Study finds therapeutic targets in canine brain tumors


Washington [US], Aug. 22 (ANI): High-grade gliomas, or brain tumors, in dogs contain more immune cells associated with suppressing the immune response than low-grade gliomas, new study finds.

The work, which was published in the journal Veterinary Pathology, is the most in-depth examination of immune cell infiltration in canine glioma to date, adding to the body of evidence that these brain tumors could recruit cells that help immunosuppression. The findings could have implications for future immunotherapy-based glioma treatments in humans and dogs.

Glial cells are support cells located throughout the brain and spinal cord. When these cells become cancerous, the resulting tumor is called a glioma. In dogs, gliomas are the second most common type of tumor in the central nervous system and account for about 35% of all intracranial cancers.

The median survival time for dogs with glioma treated with radiation therapy ranges from nine to 14 months, which is similar to the median survival time of 14 months for humans treated with a combination of surgery, radiation therapy, and chemotherapy.

There are three types of canine glioma: oligodendroglioma, astrocytoma, or indefinite glioma. Each of these subtypes can be further classified into low or high quality based on certain microscopic characteristics. Although the subtype and grade of glioma affect survival and choice of treatment in humans, it is currently not known whether the same is true for dogs.

Immunotherapy harnesses the power of the body’s immune system to attack cancer. Although immunotherapy has shown promise in some types of cancer, it has not been successful in glioma in humans, possibly because gliomas have been shown to suppress the immune system in order to to facilitate tumor growth.

Researchers are trying to better understand the interaction between glioma and the immune system in hopes of improving treatment outcomes.

“If we are to pursue immunotherapy for glioma, we must first understand how these tumors interact with the immune system,” said Gregory Krane, senior research author and veterinary pathologist who recently received his PhD from North Carolina State University.

Krane added, “There are many common features between canine and human glioma, which makes research on the immune system in canine glioma a good approach to answer questions about this cancer in humans and dogs. The multi-institutional research team examined 73 different gliomas. obtained from veterinary patients seen at NC State College of Veterinary Medicine between 2006 and 2018. Using immunohistochemical staining and computerized image analysis, the team identified the number of each cell type immune in each tumor: B lymphocytes, T lymphocytes, regulatory T lymphocytes (Tregs) and macrophages.

The team found higher numbers of Tregs and polarized macrophages in high-grade and low-grade tumors, but no difference in other immune cells between different tumor types or grades.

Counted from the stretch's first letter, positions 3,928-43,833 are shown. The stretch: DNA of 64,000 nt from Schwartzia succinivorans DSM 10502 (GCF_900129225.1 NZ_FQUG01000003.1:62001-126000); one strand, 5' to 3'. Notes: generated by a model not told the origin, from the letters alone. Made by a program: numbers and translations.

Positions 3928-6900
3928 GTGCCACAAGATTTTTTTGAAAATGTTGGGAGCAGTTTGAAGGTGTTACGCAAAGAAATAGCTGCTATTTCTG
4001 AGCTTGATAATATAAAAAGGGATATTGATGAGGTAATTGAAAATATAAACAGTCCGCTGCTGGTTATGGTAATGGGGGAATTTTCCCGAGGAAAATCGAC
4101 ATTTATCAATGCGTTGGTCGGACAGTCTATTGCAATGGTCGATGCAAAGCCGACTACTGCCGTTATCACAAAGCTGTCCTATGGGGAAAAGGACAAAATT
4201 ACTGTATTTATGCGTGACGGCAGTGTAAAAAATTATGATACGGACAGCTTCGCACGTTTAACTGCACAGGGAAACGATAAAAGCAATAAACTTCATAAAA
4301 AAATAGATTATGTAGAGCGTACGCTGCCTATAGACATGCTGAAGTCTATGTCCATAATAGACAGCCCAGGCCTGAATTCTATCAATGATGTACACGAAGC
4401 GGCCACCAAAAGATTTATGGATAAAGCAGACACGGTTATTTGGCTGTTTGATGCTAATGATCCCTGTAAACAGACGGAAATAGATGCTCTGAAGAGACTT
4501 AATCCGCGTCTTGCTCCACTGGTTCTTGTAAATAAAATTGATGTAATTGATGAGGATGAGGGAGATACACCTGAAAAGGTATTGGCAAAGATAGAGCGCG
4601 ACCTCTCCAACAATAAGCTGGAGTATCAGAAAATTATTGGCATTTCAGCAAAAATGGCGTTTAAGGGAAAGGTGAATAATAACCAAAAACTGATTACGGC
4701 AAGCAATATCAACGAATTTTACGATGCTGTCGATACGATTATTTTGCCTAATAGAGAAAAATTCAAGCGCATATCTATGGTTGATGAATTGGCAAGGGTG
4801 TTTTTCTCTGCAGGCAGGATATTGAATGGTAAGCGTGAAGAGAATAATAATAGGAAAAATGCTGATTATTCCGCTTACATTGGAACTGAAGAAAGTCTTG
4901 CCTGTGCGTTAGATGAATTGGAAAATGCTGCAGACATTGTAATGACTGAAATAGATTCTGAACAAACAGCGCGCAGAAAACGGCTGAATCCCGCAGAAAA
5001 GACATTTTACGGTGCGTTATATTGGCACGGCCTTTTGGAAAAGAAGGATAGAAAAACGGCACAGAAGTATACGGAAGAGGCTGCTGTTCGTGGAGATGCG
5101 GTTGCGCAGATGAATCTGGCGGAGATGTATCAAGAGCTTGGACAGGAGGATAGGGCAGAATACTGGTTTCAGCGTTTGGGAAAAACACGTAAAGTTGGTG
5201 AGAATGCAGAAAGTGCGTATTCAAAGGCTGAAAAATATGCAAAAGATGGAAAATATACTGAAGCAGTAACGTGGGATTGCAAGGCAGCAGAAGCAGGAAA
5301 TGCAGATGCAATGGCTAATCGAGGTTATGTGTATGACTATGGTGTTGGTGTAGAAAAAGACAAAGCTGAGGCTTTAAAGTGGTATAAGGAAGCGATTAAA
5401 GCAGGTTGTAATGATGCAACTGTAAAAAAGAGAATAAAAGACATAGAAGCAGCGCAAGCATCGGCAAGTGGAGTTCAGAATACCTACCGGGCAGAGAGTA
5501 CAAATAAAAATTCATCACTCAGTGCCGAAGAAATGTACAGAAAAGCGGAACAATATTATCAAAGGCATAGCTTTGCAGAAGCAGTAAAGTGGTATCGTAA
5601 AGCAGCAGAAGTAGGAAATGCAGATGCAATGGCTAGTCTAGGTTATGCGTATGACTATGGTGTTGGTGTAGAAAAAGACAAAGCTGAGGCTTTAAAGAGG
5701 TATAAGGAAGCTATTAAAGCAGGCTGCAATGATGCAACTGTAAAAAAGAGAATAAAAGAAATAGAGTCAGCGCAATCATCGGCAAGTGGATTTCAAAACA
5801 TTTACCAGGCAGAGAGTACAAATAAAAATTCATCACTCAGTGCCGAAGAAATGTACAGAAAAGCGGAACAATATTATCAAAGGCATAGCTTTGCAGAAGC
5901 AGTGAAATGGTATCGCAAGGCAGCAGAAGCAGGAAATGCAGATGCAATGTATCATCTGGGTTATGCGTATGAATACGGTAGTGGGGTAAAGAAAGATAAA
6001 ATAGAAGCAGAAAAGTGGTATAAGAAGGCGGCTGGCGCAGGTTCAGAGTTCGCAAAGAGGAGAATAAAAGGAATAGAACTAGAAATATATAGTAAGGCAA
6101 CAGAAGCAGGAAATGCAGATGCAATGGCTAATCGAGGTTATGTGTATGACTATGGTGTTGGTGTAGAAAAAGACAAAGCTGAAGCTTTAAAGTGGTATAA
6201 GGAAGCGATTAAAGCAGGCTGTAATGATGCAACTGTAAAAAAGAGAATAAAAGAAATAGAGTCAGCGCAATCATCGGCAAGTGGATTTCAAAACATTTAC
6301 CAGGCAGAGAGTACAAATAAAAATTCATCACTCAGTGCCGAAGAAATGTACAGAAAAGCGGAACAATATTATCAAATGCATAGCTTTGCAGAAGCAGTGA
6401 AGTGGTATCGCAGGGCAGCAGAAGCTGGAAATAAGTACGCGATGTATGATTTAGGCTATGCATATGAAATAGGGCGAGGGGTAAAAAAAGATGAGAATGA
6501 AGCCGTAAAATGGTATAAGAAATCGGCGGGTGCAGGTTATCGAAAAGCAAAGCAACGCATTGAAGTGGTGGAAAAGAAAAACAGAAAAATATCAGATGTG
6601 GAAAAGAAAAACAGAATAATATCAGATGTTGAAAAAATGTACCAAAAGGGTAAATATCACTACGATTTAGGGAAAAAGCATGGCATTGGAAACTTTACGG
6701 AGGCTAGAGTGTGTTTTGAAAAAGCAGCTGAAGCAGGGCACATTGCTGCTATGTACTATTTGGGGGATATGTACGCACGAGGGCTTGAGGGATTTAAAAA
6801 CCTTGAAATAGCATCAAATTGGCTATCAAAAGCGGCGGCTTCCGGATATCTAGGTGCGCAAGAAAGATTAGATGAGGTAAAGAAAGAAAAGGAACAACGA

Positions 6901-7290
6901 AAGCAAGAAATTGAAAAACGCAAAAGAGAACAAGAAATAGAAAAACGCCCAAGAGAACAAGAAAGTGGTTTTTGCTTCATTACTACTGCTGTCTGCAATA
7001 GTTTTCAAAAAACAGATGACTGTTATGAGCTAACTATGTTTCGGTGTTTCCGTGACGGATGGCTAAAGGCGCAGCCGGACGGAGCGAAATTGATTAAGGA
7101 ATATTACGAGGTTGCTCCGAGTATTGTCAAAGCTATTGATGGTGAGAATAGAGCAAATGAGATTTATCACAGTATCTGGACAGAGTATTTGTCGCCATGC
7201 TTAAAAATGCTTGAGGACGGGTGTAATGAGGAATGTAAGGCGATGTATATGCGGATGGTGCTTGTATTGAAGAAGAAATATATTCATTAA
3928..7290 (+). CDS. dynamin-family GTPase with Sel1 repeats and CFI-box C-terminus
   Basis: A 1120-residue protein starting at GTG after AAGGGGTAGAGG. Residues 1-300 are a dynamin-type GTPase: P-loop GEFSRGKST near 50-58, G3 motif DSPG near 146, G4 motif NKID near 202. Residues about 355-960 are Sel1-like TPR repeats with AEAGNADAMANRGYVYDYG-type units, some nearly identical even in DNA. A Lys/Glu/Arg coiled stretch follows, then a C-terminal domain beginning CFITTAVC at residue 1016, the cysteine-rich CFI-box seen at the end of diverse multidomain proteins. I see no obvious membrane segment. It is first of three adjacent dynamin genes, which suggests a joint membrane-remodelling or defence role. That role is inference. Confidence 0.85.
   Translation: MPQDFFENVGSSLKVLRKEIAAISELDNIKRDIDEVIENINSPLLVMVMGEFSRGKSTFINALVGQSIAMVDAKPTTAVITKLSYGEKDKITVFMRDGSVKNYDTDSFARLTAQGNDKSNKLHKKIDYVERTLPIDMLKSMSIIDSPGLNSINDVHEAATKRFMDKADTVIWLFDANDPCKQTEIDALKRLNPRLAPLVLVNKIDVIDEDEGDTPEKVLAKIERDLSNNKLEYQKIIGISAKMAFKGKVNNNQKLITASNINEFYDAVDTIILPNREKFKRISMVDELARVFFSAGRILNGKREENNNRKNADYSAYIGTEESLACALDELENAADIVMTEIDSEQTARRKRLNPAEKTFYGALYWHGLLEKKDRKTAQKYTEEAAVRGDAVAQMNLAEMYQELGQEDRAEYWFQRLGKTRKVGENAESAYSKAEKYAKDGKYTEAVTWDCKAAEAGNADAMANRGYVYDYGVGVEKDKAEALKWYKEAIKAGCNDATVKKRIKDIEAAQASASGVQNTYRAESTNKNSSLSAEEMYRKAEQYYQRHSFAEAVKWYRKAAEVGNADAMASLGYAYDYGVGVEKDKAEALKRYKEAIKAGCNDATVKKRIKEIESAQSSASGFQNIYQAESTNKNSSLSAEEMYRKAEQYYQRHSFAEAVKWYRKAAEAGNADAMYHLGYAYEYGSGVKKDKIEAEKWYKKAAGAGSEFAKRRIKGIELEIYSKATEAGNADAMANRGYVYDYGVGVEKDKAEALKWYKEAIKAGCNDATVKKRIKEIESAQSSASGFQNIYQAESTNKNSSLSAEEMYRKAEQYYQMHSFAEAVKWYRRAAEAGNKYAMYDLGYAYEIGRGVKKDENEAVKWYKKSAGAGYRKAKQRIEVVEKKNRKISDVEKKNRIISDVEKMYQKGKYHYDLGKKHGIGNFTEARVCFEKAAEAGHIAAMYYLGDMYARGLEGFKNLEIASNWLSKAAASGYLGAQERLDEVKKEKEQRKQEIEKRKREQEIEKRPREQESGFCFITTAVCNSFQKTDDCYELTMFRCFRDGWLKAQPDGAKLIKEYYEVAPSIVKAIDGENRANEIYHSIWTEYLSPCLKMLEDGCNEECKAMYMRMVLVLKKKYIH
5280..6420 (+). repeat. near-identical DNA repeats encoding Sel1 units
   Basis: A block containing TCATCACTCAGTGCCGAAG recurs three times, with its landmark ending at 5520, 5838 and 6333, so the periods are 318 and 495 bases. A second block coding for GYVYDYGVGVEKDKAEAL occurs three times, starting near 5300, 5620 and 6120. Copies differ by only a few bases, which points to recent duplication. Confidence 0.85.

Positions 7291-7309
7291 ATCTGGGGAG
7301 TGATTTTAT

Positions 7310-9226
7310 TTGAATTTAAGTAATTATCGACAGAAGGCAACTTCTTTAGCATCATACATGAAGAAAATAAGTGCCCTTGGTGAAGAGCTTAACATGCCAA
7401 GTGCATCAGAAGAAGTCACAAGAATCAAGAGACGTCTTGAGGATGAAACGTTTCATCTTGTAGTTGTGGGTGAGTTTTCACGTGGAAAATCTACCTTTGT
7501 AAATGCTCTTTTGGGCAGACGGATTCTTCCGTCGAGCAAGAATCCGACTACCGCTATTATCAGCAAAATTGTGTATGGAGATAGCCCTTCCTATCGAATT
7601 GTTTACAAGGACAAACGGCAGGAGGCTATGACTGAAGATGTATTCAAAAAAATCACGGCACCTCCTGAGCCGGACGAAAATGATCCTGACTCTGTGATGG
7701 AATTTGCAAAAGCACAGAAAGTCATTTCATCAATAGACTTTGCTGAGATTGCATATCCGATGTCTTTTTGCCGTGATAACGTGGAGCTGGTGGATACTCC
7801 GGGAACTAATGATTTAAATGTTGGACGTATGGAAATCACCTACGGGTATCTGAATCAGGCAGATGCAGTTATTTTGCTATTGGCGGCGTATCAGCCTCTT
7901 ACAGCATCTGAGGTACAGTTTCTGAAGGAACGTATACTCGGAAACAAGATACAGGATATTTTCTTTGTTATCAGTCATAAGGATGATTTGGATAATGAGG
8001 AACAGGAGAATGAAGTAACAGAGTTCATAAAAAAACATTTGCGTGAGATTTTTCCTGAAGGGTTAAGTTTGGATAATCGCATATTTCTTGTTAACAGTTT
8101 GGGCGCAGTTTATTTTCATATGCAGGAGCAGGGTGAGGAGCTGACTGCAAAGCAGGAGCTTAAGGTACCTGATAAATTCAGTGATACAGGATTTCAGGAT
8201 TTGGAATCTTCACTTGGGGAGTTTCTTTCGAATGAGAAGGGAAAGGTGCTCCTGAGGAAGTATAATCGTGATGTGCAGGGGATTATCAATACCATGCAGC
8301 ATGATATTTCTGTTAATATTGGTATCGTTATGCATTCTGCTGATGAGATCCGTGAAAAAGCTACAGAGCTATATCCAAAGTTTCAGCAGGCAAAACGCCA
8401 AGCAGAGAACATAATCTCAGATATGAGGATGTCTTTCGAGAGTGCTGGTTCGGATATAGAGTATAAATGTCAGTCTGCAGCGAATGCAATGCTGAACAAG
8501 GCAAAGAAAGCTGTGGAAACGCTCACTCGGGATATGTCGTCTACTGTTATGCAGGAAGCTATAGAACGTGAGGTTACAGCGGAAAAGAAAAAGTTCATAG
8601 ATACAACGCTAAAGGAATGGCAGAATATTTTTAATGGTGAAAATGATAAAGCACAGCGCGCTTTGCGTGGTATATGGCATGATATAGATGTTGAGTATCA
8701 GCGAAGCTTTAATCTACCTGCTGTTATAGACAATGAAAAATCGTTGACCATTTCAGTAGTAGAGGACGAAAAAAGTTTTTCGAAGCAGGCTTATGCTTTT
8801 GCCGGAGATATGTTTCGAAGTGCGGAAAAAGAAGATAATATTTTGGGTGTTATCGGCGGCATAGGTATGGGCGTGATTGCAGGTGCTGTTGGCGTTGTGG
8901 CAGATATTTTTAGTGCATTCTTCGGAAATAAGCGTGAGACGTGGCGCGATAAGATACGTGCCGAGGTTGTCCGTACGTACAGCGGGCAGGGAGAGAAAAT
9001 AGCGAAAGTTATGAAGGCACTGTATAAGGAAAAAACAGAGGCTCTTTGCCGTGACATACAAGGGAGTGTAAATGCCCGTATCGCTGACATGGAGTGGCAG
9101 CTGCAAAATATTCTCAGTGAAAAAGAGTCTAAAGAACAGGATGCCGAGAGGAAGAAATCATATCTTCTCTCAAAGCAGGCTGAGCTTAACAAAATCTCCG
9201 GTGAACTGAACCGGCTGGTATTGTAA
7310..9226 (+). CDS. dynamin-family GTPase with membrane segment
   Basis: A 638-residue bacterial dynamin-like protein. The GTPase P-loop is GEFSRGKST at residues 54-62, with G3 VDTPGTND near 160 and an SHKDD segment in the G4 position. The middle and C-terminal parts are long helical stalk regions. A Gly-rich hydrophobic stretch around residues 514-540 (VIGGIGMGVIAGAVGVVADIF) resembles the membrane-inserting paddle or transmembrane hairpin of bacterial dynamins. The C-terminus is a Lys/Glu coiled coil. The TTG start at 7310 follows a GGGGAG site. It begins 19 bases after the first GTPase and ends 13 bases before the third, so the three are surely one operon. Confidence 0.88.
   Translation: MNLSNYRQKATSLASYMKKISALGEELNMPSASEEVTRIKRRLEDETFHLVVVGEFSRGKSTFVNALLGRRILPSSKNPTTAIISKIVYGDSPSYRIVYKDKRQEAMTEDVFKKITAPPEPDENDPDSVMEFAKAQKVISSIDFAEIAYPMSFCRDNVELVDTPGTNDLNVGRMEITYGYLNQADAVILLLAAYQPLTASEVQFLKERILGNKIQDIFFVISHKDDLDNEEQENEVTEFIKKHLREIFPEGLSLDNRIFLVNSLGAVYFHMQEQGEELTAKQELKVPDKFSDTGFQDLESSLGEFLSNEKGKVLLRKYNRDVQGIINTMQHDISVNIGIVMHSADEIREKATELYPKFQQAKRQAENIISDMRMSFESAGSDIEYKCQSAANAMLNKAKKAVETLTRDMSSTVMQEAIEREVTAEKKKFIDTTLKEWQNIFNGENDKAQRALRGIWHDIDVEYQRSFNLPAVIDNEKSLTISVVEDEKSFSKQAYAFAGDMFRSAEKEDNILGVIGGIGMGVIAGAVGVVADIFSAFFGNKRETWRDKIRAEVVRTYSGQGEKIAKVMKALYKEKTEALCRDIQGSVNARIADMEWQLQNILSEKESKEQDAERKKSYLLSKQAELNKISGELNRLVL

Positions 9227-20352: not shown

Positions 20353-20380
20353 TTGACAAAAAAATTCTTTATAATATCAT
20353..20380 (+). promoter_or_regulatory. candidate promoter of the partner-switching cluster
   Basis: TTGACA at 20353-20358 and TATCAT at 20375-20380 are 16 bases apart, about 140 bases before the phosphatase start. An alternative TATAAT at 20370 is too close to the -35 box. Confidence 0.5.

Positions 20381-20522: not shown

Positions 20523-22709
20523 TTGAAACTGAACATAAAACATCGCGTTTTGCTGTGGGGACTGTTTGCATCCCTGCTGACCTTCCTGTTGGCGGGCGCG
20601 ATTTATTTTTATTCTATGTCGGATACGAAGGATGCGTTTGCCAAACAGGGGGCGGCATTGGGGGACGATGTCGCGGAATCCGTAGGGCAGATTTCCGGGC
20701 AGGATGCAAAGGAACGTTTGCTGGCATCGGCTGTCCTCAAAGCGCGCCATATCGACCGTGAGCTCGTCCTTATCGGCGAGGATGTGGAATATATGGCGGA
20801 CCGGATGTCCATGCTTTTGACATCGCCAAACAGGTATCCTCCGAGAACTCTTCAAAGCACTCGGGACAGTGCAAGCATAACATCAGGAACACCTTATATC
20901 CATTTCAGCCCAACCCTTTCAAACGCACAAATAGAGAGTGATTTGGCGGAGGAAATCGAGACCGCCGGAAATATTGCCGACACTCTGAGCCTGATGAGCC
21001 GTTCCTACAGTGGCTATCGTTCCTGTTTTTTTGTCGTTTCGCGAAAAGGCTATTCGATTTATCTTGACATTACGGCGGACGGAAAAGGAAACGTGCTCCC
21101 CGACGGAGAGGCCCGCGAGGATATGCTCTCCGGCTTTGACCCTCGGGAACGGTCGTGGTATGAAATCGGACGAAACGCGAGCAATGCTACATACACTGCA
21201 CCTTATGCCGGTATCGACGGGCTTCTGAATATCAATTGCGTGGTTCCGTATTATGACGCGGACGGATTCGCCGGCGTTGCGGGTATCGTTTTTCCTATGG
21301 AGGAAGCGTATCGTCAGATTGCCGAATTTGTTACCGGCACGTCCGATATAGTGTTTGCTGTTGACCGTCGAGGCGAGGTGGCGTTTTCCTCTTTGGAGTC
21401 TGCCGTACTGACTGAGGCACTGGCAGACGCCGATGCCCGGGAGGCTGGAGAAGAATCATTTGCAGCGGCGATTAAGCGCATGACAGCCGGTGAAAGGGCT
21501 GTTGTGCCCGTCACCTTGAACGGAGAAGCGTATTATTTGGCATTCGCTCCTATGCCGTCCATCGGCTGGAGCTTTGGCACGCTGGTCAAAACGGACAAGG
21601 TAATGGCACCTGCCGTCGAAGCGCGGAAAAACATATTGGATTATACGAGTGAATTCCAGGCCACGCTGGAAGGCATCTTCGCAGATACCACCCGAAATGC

“Tregs inhibit some aspect of the immune response,” Krane said. “In healthy individuals, it prevents autoimmune disease. But cancers can recruit and activate Tregs to prevent the immune system from attacking the tumor. We found that Tregs were more abundant in high gliomas. grade than in low-grade gliomas. We hypothesize that Tregs may be involved in glioma-induced immunosuppression, although this will require additional research. “The research team also counted the number of macrophages in each tumor, which can be polarized at either end of a spectrum called M1 or M2 polarization. In a general sense, M1 polarized macrophages are pro-inflammatory and anti-tumor, and M2 polarized macrophages are at the opposite.

They found that the macrophage population in high grade gliomas tended to be polarized towards the M2 phenotype.

“These macrophage polarization data may expand the glioma immunosuppression hypothesis by providing another mechanism by which gliomas can suppress the dog’s immune system,” says Krane.

Krane hopes this study may lead to a better understanding of how gliomas affect the immune system and possibly improved immunotherapies for gliomas.

“Using the dog as a preclinical model to understand the immune response to glioma could lead to treatments that will help both dogs and humans,” Krane said. “Although more work is needed, our data provide some support for using canine glioma patients to evaluate therapies targeting Tregs or macrophage polarization designed for use in humans.” The study was supported by the National Toxicology Program of the National Institute of Environmental Health Sciences (NIEHS / NTP), NC State’s College of Veterinary Medicine, and Charles River Laboratories. Christopher Mariani, associate professor of neurology at NC State and principal investigator of the comparative laboratory of neuroimmunology and neuro-oncology at NC State, is the corresponding author.

The other North Carolina State co-authors were Associate Professors of Pathology David Malarkey and Debra Tokarz and veterinarian student Britani Raines. Researchers from NIEHS / NTP, Charles River Laboratories, University of Alabama at Birmingham, Cornell University and Integrated Laboratory Systems co-authored the work. (ANI)

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